OO: Right – the mast. So describe to me what happened…
MB: “Well, it was windy. We’d raced a couple of days – we’d had rain squalls and wind and we’d had everything thrown at us. But we were having a good time. You know, a rain squall out there isn’t the end of the world – it just cools you down a little bit.”
OO: And this was in April?
MB: “Yeah – April. On April the 20th. I know that because my birthday’s April the 22nd and I had an emotional rollercoaster for a few days.”
OO: Yeah, I would imagine...
MB: “Yeah, well, we’d had a challenge day where we raced against a boat called Vagabundo...But unfortunately we lost in the first round to Vagabundo - a boat half the size of ours, which we beat by half an hour on an hour-and-a-half course, but on ratings they beat us. But nevermind, we had a couple of good days of sailing. We had a really good first day, it was really windy - 25 or 28 knots. I think it touched 30 a couple of times. Then on the second day, we were got round the course, and I mean big seas, as it had been blowing for a few days. I popped my head down to see if we were on line for the finish and, as I put my head down, it went bang. And I thought, 'Oh, sh*t.' I popped my head up and I just saw the mast. Luckily, no one was hurt and luckily we were nearly at the finish. So we weren’t that far from Falmouth Harbour.”
OO: And what was it exactly?
MB: “One of the chainplates – it pulled it out. Clean pulled it out. Five three-quarter-inch bronze bolts, three of which had sheered and the other two had come out from one of the shrouds.”
OO: So what happened then?
MB: “Luckily, I had good guys on board. The crew was from a boat called Leonore, which wins a lot on the Med circuit. If you’re going to break the mast, you want to have good people on board! And for me, there’s no best-known strategy at this point. You basically check to make sure everyone’s okay, check what you have on board, stop it from bashing the side of the boat, cut the sails free and get everything under control.
"We got everything under control and then got towed back into Falmouth Harbour by the ABSAR [Antigua and Barbuda Search and Rescue] guys, who were brilliant. Please give a mention the ABSAR guys, who are fantastic...
“The top section of my mast is now a bench on the dock in Antigua. We left the bottom section so we could jury-rig something, because we had to get it back up to the BVIs so we could ship it back. So we jury-rigged my storm jib with the foot of it against the stump of the mast and the head at the back of the boat for stability.
“Anyway, we got up to the BVIs and I came home almost immediately to start getting everyone organized. Also to deal with the insurance companies and all that.”
OO: So you’re at least able to do some other work that you’d maybe been putting off a bit?
MB: “Yeah – exactly. When I first bought her in 1999, I took her to Viareggio for six months for work because she’d been neglected. I spent the next two winters in boatyards doing other work, making her more original, and lightening her up because they’d put a lot of stuff in her that they shouldn’t have, like generators, and I wanted to go out and race her. And since then, I haven’t done a major refit. But now, getting all the furniture out gives me the opportunity to get in there and really go to town on painting and just general housekeeping.”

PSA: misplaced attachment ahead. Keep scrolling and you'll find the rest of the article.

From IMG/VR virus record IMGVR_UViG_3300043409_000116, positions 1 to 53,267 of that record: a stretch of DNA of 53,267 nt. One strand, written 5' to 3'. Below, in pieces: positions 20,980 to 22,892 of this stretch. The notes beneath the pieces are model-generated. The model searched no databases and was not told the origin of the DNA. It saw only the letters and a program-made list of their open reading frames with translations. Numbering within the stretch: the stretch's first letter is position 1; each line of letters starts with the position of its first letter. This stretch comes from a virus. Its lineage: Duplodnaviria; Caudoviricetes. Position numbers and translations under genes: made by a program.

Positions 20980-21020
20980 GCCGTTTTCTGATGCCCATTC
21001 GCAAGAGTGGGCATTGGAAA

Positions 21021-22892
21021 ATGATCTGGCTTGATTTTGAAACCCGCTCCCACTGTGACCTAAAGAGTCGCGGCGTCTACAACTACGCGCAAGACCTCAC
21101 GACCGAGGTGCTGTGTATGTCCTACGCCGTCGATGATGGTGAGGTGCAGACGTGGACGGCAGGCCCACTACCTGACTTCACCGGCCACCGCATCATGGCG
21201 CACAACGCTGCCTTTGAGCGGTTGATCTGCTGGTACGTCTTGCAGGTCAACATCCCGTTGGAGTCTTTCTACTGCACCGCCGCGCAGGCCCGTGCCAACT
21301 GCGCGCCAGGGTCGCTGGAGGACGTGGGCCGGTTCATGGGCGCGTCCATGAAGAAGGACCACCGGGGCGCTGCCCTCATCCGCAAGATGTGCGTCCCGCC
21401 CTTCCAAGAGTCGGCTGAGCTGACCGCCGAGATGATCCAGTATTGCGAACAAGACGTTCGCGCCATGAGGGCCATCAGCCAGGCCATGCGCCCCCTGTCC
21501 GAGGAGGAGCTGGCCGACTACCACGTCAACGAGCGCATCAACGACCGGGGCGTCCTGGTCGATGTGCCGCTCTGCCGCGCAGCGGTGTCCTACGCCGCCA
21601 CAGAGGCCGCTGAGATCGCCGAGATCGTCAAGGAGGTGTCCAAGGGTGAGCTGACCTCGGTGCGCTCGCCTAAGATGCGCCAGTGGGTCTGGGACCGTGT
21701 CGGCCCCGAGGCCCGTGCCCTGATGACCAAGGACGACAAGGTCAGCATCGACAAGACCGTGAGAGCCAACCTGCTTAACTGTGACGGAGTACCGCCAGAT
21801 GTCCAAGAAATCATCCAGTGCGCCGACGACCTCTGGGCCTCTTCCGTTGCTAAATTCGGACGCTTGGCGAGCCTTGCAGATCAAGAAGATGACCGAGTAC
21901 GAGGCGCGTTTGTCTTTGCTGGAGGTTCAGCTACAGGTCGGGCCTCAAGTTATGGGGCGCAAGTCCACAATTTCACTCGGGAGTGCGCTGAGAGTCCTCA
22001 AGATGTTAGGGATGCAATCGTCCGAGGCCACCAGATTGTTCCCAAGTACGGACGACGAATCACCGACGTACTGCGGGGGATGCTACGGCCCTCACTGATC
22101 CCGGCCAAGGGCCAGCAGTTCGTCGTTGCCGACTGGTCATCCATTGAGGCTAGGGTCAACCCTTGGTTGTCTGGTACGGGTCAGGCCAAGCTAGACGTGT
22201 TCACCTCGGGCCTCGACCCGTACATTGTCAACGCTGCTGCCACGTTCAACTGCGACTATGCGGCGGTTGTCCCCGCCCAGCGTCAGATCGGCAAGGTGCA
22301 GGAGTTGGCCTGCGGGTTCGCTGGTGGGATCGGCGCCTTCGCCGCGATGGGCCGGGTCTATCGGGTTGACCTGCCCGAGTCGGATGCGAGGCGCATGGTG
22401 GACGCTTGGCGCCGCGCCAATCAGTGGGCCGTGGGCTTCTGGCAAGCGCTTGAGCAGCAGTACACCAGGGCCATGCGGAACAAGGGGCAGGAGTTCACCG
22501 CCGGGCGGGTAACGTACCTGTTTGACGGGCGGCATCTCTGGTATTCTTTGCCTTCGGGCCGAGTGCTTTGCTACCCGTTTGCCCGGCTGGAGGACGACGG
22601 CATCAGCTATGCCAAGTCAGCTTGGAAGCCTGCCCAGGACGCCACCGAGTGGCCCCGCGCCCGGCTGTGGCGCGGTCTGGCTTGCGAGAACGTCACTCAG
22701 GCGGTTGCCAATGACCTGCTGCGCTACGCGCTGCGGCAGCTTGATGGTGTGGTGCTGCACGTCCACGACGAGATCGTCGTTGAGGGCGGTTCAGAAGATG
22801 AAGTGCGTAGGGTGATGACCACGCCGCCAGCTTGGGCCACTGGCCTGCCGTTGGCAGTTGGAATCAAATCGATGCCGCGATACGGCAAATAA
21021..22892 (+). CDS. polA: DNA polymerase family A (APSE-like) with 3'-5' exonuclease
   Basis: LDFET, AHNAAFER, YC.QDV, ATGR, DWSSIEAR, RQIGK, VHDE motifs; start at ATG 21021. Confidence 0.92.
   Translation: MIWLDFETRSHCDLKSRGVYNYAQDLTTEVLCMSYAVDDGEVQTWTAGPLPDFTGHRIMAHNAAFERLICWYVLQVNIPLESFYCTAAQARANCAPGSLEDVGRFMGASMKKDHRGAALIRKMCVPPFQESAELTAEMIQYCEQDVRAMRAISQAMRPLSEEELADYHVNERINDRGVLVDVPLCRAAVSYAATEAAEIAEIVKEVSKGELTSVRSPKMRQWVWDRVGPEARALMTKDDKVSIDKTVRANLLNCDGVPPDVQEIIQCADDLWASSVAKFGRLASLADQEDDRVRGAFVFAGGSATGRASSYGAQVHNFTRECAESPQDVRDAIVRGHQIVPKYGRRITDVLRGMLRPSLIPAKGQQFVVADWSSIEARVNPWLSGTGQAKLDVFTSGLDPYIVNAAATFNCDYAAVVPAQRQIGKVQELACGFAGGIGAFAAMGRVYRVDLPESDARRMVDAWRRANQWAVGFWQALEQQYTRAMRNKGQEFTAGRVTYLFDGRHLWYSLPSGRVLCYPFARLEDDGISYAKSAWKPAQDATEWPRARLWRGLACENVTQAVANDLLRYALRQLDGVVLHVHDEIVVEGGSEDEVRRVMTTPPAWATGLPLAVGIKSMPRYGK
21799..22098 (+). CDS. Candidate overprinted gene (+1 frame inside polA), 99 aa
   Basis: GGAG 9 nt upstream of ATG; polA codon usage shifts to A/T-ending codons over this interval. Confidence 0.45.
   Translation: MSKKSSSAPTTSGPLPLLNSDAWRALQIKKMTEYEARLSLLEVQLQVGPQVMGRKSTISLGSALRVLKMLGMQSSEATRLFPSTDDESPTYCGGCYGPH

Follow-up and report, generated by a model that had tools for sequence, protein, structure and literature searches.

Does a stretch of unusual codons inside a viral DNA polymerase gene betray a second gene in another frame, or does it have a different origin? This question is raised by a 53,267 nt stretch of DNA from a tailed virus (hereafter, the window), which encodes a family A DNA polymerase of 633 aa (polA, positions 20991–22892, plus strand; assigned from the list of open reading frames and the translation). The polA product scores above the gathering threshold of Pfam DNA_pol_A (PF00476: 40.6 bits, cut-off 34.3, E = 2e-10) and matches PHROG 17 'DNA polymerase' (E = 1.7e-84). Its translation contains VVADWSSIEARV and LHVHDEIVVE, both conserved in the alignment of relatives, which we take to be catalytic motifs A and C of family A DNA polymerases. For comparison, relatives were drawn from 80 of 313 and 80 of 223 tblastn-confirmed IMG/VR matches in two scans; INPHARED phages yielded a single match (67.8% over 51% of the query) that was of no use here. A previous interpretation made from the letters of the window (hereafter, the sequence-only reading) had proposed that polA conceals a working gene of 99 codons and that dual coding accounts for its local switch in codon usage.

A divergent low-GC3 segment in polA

OO: So the six-week timeframe – is that going to be enough to get everything complete?
MB: “You know, it’s going to be tight. But I’ve already said to the guys who are taking the interior out that when it goes back in, if we end up not having time, then let’s just put something in that is functional and works and then do it properly after October when we’re finished. Because I make my living off the boat and I’m not insured for loss of earnings, so I’ve already written off half my season.”
OO: That must be the toughest part…
MB: “Yeah, and I’ve also taken deposits off people that I’ve had to pay back. I had a charter in the Porquerolles two weeks ago which was all booked and paid-for. The owners of a boat called Halloween, which is gorgeous, heard about this and said they’d lend me the boat. The captain happens to be a good friend of mine and he suggested it to the owner. So I didn’t have to pay that one back.”
OO: How has the insurance been in terms of covering the damage so far?
MB: “Well, I’m insured through Pantaenius, and I’ve got to say, so far they’ve been as good as gold. I wrote them an email the day after and they emailed me back on a Sunday, which I was amazed by, saying not to worry. And before the boat had even arrived back, the mast had been started. They haven’t agreed to everything yet, but I think they will.”
OO: So how does this change your schedule for the next year or two?
MB: “I’ve got bookings in August and September that I’m desperate to fulfil because? if I don’t? I’ll upset regular customers and have to pay them back? which I’m not in a position to do, unfortunately. I’m still available for the regatta in Saint-Tropez, and I’m busy trying to sell the regattas that I still have available.
“Then I think I’ll go back to the Caribbean because, having missed half the season here, I need to earn some money! And having been there last year and done all the hard work, and met all the people and, having gotten known out there, I think it will be a lot easier this time. So I’ll go and do that and, like I said, I might head up to New England in the summer and race up there. Because not only am I bored of doing the same thing in the Med every year, I think a lot of my clients are too.”
OO: Tell me a little more about the charter operation you have set up on board. What you offer is pretty unique in that it’s very much geared toward racing…
MB: “When you hire the boat out, you hire me and my first mate. I remain as captain but, I’m quite happy to let other people drive the boat; I’m quite happy to let other people do anything on the boat so long as they’re competent. That’s what makes it fun. But I’ve got a regular set of guys who come out – several sets of guys who come out. They’ve all got nominated drivers and they drive and I’m just crew or tactician or whatever they want me to do. Some of it’s corporate, which is obviously less serious. But some of it is guys who come out and actually want to race, and are reasonable sailors. When I was racing in Antigua, we had an ex-America’s Cup helmsman – an Italian – and he was driving the boat. So we’ve had people with no experience right through to him. And they all have their unique challenges for me; either I'm teaching them to sail or trying to learn from these people. There’s still a lot I can learn – honestly. It’s really just good fun. You get to meet interesting people and you get to race against beautiful boats in beautiful places. There’s not a lot wrong with my life, really – at least, not in that respect.”